Lately I’ve been feeling completely overwhelmed and tired and generally down, leading to a heavy case of the Blahhhhs. (Yes, that’s the medical term.)

I was so completely devoid of motivation that I wasn’t even able to meditate or journal about it.

Finally, yesterday I got myself to do a little Dance of Shiva and then meditate.

The question I asked before starting to dance was, “What needs to shift in order to stop feeling so stuck?”

A few minutes of Level 4 was about all I could handle, followed by some savasana.

Once I started meditating, I dropped into my heart, and tried to meet with some of my selves, to see if I could get a handle on why I was having such a hard time.

I can’t share much detail right now, but part of why I’m having a hard time is because there are certain things I have to do that I no longer want to do. And when things get difficult during the things-I-don’t-want-to-do, I’ve been having extreme emotional reactions. Despair, anxiety, hopelessness, powerlessness.

Not much was happening amongst my selves, so I focused my attention on whichever self it was who was creating these strong reactions.

Enter Self #1

I don’t know what this self looks like (no defining characteristics like my friend Hedgehog Girl). But pretty quickly I sensed that this self was creating these strong reactions so that I’ll hurry up and make the changes necessary so that I won’t have to do that icky stuff anymore.

She’s afraid that if she stops giving me these unpleasant reactions, I’ll just coast along. The change I want to make will never happen, because I’ll be too comfortable.


So I thanked her for caring about me. And for believing that I can make the necessary changes. And especially for her wanting to support me in making this change.

(And I wasn’t just blowing smoke, either. There’s something surprisingly touching about having a part of yourself doing what it can to make sure you accomplish the things you want.)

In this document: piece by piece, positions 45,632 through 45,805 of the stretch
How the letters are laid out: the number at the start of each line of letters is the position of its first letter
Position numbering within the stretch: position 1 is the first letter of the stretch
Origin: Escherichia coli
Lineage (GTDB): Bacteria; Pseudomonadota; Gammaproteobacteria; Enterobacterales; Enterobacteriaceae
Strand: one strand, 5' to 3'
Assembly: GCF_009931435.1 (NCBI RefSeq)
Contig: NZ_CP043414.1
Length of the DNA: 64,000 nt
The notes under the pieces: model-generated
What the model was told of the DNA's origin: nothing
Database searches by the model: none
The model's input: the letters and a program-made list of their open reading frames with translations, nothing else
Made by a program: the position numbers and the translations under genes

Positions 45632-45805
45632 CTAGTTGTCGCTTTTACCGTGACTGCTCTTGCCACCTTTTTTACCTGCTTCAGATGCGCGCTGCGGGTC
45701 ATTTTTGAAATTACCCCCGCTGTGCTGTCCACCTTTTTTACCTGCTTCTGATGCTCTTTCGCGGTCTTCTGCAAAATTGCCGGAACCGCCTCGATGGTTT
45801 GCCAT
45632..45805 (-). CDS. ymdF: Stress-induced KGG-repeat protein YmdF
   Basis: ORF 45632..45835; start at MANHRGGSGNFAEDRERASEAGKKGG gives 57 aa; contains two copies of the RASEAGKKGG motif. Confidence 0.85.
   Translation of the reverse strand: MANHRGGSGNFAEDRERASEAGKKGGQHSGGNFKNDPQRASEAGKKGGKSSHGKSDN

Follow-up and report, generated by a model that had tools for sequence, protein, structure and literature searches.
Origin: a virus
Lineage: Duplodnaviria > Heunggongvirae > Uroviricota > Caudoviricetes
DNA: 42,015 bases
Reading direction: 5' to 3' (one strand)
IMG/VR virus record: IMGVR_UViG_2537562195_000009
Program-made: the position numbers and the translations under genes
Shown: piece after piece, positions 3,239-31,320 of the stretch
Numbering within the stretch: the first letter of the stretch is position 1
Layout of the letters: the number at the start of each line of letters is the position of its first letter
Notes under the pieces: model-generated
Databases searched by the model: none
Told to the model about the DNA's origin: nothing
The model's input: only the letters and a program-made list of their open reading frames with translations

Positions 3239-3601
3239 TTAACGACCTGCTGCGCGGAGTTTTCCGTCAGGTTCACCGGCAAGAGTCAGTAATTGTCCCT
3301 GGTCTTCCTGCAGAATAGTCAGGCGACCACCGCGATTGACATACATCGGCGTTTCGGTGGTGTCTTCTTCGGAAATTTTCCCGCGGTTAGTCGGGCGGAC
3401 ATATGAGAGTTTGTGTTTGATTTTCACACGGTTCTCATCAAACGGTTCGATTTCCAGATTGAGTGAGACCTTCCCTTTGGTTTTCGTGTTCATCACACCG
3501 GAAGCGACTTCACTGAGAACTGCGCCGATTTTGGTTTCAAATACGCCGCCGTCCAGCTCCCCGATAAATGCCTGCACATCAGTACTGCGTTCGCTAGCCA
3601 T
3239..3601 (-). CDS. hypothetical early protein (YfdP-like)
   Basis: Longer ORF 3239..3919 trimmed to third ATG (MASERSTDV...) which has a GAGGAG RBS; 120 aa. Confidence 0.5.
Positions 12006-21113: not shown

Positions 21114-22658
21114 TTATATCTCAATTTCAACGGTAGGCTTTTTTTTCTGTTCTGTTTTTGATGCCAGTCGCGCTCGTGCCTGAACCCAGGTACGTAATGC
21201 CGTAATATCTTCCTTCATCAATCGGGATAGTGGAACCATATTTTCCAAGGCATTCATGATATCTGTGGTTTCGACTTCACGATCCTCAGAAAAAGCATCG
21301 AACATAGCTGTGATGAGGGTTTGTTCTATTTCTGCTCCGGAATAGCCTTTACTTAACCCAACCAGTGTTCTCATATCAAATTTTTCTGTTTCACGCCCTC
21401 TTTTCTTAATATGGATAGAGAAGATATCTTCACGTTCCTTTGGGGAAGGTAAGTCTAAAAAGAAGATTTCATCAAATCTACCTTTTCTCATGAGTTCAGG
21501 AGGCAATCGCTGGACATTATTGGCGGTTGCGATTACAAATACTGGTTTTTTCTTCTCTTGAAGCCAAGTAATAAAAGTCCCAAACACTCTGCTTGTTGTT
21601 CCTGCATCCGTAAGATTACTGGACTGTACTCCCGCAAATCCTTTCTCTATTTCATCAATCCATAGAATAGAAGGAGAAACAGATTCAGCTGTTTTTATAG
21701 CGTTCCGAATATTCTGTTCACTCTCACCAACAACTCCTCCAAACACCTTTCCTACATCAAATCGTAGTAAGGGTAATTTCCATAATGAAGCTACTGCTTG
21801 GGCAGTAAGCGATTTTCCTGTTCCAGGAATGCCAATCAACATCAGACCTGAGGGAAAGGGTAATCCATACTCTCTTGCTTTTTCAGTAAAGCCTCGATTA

Then I explained that these extreme emotional reactions are draining me of my energy. And when my energy is drained, I can’t do what I need to do to make the changes I want to make.

I asked her, “What kind of agreement can we make, so that you know I’m making these changes as fast as possible, and you’re not helping me in a way that actually slows me down?”


And then I got, “It’s not just me.”

For a second I didn’t know what that meant, but then I realized there were two selves at play.

Hello, Self #2

Self #1 was creating the strong reactions in hopes that I would hurry up and make this change.

But Self #2 was drafting off of those reactions, and keeping me from channeling that desire for change into action toward change.

Because Self #2 is afraid of what the change will mean for me and this (mostly) comfortable life I have. She prefers the devil she knows.

Both of these selves are actually trying to protect me, even though they’re going about it in opposite ways.

One is trying to protect me from withering away in stagnation, the other from taking crazy risks that will put me in danger.

That’s about as far as I got with that meditation before my mind started to wander. But it’s a good start toward unravelling this stuck.

The next step will be to try to help them both see that their attempts to help are actually hurting. And then it will be time to find out what they will need to feel safe enough to back off and cut me some slack.

The beauty of it is, even before they’ve started giving me breathing room, I feel better.

Now when if I have an over-reaction to the things I no longer want to do, I’ll know what it’s about. And I’ll know why it’s so hard to recover and get cracking.

Reaching that point of not beating myself up or asking myself why why why for not doing the things I want to do is a huge step toward changing the pattern.